Tsukemen is a bonafide Tokyo specialty, originating from a famous ramen shop called Higashi-Ikebukuro Taishouken in the early 1960s. Since then, it has even gained popularity abroad in cities such as Los Angeles.
Tsukemen does not necessarily have to be made with ramen noodles; other types of noodles like udon can also be enjoyed in tsukemen dishes. In general, the noodles used for tsukemen are quite firm as they do not sit in the soup and soak up the liquid like a typical ramen. Having the noodles in a separate bowl also allows the flavor of the noodles to shine through instead of being masked by the heavy, rich broth. And since the noodles are thicker than most varieties of ramen noodles, they are also chewier and bouncier.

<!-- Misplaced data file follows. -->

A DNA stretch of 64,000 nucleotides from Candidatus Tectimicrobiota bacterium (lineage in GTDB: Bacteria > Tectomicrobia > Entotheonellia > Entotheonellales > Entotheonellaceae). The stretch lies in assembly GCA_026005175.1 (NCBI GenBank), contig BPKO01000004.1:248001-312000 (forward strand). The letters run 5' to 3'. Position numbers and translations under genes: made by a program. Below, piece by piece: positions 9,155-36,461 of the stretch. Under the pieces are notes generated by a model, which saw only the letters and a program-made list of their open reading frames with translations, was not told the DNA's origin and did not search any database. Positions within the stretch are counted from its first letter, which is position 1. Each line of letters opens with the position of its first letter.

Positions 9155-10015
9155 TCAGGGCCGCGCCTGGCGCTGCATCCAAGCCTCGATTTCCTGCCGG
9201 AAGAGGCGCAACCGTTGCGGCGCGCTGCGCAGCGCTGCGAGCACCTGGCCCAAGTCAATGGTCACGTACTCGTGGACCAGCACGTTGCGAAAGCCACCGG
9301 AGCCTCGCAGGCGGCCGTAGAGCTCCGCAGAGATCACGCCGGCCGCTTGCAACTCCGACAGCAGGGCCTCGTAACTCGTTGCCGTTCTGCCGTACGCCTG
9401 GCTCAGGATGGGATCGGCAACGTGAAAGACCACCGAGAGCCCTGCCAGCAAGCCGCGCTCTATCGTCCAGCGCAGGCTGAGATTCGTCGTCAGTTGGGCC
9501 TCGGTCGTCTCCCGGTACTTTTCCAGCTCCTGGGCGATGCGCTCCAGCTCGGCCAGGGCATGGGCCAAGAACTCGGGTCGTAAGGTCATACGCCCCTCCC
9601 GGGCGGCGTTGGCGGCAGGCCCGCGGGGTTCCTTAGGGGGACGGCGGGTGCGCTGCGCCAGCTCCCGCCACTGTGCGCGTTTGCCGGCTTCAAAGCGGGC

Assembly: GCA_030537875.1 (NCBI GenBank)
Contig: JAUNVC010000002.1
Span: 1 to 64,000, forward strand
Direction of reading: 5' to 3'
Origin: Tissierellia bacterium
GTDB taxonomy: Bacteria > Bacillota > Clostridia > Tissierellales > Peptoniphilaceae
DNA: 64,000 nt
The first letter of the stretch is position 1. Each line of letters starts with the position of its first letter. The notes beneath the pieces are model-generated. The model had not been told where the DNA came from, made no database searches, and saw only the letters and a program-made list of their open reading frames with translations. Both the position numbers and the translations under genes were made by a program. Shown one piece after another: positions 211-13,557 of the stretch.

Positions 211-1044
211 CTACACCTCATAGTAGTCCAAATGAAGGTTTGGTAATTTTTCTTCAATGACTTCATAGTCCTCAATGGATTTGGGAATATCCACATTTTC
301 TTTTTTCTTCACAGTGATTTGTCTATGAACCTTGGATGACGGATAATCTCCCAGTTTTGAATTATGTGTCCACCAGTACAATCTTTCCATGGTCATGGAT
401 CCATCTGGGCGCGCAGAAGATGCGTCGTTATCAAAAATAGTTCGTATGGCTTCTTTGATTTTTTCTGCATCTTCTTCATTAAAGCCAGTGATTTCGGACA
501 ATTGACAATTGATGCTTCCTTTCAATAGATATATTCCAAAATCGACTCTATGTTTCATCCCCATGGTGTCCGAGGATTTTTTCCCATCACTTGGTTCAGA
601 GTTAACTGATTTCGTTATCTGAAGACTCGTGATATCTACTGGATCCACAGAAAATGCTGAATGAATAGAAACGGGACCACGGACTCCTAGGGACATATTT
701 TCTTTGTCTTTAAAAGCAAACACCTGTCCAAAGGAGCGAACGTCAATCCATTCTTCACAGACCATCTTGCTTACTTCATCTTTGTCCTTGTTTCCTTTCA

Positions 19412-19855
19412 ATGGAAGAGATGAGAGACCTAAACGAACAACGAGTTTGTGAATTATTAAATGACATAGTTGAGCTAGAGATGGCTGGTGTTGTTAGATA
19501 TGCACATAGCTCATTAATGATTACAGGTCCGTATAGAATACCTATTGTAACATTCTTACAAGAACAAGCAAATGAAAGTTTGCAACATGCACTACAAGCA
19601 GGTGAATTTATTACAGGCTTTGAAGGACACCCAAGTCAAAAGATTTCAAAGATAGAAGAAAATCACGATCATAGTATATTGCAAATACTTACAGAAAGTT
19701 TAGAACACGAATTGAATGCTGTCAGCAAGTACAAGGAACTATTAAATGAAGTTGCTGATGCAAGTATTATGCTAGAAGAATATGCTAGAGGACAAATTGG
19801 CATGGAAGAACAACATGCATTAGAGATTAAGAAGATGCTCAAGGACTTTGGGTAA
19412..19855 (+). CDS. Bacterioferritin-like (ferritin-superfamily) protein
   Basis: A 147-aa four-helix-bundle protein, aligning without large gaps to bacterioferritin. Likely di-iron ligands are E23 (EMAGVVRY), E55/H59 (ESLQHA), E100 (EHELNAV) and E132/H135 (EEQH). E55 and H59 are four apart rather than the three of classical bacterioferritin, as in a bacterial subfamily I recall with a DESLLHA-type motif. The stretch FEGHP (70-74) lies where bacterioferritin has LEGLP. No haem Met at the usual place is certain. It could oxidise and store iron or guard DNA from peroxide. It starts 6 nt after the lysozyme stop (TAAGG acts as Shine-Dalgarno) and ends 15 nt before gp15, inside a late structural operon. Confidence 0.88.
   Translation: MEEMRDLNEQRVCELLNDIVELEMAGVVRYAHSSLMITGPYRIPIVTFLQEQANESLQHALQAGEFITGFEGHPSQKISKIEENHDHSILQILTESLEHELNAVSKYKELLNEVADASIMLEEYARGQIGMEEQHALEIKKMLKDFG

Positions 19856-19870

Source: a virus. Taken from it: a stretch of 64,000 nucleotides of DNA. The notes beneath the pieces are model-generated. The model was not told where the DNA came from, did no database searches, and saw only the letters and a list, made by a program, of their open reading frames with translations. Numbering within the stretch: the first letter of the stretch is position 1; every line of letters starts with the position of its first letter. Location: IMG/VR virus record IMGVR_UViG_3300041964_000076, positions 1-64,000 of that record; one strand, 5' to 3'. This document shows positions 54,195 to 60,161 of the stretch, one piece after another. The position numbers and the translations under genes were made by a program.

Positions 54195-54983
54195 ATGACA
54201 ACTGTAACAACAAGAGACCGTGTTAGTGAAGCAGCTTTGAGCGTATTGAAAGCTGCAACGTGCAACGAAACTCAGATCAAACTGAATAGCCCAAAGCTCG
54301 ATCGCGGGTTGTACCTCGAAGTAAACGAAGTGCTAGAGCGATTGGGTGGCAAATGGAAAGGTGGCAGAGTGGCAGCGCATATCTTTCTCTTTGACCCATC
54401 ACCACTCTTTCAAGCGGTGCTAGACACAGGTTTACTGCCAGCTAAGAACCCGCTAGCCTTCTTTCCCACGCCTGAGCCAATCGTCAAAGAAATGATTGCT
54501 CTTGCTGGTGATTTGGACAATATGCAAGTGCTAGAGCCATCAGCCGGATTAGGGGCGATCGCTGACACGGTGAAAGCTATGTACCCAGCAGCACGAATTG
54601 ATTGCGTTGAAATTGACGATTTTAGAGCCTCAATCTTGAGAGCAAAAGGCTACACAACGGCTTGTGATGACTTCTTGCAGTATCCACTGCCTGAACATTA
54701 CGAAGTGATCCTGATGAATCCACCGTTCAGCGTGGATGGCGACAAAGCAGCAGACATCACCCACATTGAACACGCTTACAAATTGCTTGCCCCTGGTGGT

Tsukemen soup is really more like a dipping sauce. It’s potent, powerful, and thick, with a strong saltiness. After eating your fill of tsukemen, you may find that you have some leftover soup. At that point you can get “soup-wari” or “supu-wari.” Just say “supu-wari kudasai,” and the server will bring you some dashi broth to mix with the concentrated soup. This tones down the intense saltiness and also introduces complex flavors of the dashi into the soup.
Enjoy making your own tsukemen during a tsukemen cooking class or compare tsukemen with traditional ramen during a ramen food tour. Soon you’ll be ordering “supu-wari” like a local!